• Adler Planatarium-this wouldn't necessarily have been on the top of my list of things to do in Chicago, but they were having a free nighttime event where all the exhibits and shows were open from 6-10pm, and since it was still raining, I couldn't resist. I was incredibly impressed with their ridiculously friendly staff and the event was a lot of fun as it had not only their regular spacey exhibits but also some interactive stuff. Many museums do these free nighttime activities to attract the yuppy-ish crowd, so I highly suggest checking out your local museums to see if they do this sort of thing as its a great way to go for free. The Adler had a DJ spinning and good food and drinks, which make 3D star movies narrated by Robert Redford even more enjoyable. (Although to be honest, the people and winter clothes watching was as much, if not more, fun than the star shows.)

I'm glad I came to Chicago; despite the cold and the rain, I had a great time. I had nothing planned just 3 days ago and yet I kept my budget low and experienced some uniquely Chicago things. A lot of people ask me how I manage to travel like I have been doing - on a low budget with not a lot planned ahead of time and really all you need is the optimism...and the internet!

Tuesday, September 1, 2009

I Love Surfing!

I grew up in Ft. Lauderdale right next to the ocean, but the waves were not so great so I'm not talking about surfing that requires a board, I'm talking about the kind that requires a couch, or a guestroom, and a bit of faith in humanity. CouchSurfing (CS) “is an international non-profit that is a network that connects travelers with locals in over 230 countries and territories around the world.” Through its website, CS connects members with each other when they need a place to sleep while traveling. People from all over the world use CS to travel on a budget and to meet fellow traveling souls. Some use it while they are on vacation and don't want to stay at hotels; this way you get a place to stay and a local tour guide of sorts. Others use it when they are traveling for business, perfect for an overnighter for a job interview or meeting, and others still use it before they move to a city so they can stay with a local who knows the neighborhoods for a night or two.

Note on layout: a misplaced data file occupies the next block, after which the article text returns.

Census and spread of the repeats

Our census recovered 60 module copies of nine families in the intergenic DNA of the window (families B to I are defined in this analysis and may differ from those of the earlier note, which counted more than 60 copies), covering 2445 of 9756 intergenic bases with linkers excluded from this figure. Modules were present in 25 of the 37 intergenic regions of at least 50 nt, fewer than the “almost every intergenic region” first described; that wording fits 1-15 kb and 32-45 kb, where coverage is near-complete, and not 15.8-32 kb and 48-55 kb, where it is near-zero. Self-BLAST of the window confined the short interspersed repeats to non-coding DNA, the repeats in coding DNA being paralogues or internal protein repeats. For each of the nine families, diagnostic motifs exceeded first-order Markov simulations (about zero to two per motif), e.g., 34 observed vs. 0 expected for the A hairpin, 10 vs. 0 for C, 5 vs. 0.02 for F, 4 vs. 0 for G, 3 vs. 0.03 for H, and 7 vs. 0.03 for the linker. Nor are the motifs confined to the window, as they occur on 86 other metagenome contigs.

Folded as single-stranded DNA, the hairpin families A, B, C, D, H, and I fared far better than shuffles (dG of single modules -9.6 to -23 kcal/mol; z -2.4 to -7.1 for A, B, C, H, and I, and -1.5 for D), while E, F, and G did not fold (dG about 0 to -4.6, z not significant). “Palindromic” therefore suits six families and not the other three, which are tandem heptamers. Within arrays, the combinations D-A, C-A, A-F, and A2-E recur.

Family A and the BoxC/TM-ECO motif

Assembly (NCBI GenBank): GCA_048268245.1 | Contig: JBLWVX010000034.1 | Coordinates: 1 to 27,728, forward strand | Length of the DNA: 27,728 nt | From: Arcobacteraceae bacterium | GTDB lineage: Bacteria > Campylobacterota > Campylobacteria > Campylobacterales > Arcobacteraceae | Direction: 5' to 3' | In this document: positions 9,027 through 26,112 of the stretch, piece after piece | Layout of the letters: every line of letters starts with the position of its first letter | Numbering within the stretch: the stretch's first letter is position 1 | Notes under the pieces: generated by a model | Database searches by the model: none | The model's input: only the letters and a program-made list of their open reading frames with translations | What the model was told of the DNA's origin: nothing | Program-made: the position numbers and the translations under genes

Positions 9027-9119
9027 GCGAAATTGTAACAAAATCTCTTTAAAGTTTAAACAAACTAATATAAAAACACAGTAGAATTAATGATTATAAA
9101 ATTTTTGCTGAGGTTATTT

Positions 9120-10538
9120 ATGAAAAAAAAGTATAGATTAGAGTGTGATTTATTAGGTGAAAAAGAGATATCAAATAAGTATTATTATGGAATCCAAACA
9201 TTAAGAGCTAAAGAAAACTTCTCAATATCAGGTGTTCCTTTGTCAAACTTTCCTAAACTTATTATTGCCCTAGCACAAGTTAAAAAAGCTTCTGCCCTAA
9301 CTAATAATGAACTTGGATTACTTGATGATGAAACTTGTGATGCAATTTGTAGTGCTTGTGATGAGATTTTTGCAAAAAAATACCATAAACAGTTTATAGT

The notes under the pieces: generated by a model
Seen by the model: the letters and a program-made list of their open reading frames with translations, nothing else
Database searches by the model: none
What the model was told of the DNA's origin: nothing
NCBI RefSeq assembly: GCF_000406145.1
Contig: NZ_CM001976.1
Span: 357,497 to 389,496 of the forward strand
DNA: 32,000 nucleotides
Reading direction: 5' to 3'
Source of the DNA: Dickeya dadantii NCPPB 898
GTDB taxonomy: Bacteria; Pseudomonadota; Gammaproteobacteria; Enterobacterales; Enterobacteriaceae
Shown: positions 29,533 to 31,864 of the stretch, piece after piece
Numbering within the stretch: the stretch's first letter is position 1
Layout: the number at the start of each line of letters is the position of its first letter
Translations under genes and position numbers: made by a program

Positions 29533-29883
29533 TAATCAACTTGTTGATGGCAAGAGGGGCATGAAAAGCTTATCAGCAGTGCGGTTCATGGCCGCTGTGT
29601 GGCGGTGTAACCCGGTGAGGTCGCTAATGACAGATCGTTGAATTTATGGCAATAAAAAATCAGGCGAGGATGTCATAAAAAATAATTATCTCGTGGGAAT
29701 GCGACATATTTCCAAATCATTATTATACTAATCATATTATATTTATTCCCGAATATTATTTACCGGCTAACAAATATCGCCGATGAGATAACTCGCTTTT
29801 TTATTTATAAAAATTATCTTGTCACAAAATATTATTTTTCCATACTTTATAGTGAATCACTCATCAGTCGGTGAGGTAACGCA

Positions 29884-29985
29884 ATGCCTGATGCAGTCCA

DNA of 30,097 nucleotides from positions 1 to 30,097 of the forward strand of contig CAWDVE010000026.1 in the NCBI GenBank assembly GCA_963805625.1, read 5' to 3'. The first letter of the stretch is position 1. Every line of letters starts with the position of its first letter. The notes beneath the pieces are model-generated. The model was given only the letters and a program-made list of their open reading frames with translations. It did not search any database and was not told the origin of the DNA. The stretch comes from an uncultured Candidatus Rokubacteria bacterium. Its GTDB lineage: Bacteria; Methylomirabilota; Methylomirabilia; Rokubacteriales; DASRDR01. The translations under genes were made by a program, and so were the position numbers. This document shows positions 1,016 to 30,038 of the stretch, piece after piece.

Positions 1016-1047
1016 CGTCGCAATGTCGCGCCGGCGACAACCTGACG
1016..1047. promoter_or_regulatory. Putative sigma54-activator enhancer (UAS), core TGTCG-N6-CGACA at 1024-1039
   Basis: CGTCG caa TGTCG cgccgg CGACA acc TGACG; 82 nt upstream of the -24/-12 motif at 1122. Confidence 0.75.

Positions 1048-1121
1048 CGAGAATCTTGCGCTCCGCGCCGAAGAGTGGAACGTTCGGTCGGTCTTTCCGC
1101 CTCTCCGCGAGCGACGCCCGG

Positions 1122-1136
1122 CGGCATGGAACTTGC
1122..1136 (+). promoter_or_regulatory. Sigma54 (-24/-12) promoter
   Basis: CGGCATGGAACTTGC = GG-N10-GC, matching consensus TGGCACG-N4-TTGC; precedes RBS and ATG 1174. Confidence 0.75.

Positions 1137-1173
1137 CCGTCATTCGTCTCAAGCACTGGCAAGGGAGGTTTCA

I joined CouchSurfing before the start of this recent traveling adventure, and the concept of sleeping on a stranger's couch (or guestroom) was just as foreign to me as it is to everyone who first learns about it. But now, as the recipient of amazing hospitality in cities from Gainesville, FL to Buffalo, NY, I am a true believer and last week I had a great CS experience:

Tau and I were camping in the beautiful Adirondack mountains in upstate NY for a week. We had a small tent under the stars and were very content on our air mattress for several days. On the last night though, the rain came. And kept coming. Around 9pm we discovered that Tau's 10 year old tent had lost all of its waterproofing ability and needless to explain it was quite the soggy night. He made a valiant effort that included garbage bags, tape and towels, and I helped as much as I could while hysterically laughing at the entire situation. The next day, still a bit damp and tired, I logged onto CouchSurfing and found the profile of a local CSer, Jack. Jack is a young guy in his 20's and lives in his family's 200 year old farmhouse in Chestertown, NY. His many acres includes several barns, a small vegetable garden and he spends his time “attempting to create a sustainable practice with it while honing the ability to live off the land by gaining experience in organic gardening, woodlot management, animal stewardship, food preservation, and resource conservation.” Less than an hour after contacting him requesting to stay the night, we got a call back saying “Sure, come on over! I'm also hosting 4 German travelers tonight, so the more the merrier! I'm cooking dinner right now so be sure you get here in time for that...”. Couchsurfing provided a warm place to sleep, an amazing (veggie-friendly) home cooked meal, and great conversation with an international flare. Even with 7 of us there, we had plenty of space as his house is huge (7 bedrooms) and is part history museum (think floral wallpaper and antique furniture) and part bachelor pad (drum set is in the middle of one of the living rooms). Jack couldn't have been a better host and I'll forever be grateful for taking us in out of the rain. Instead of spending another night in a wet tent, we spent it with a group of CouchSurfers in a warm, dry, safe house.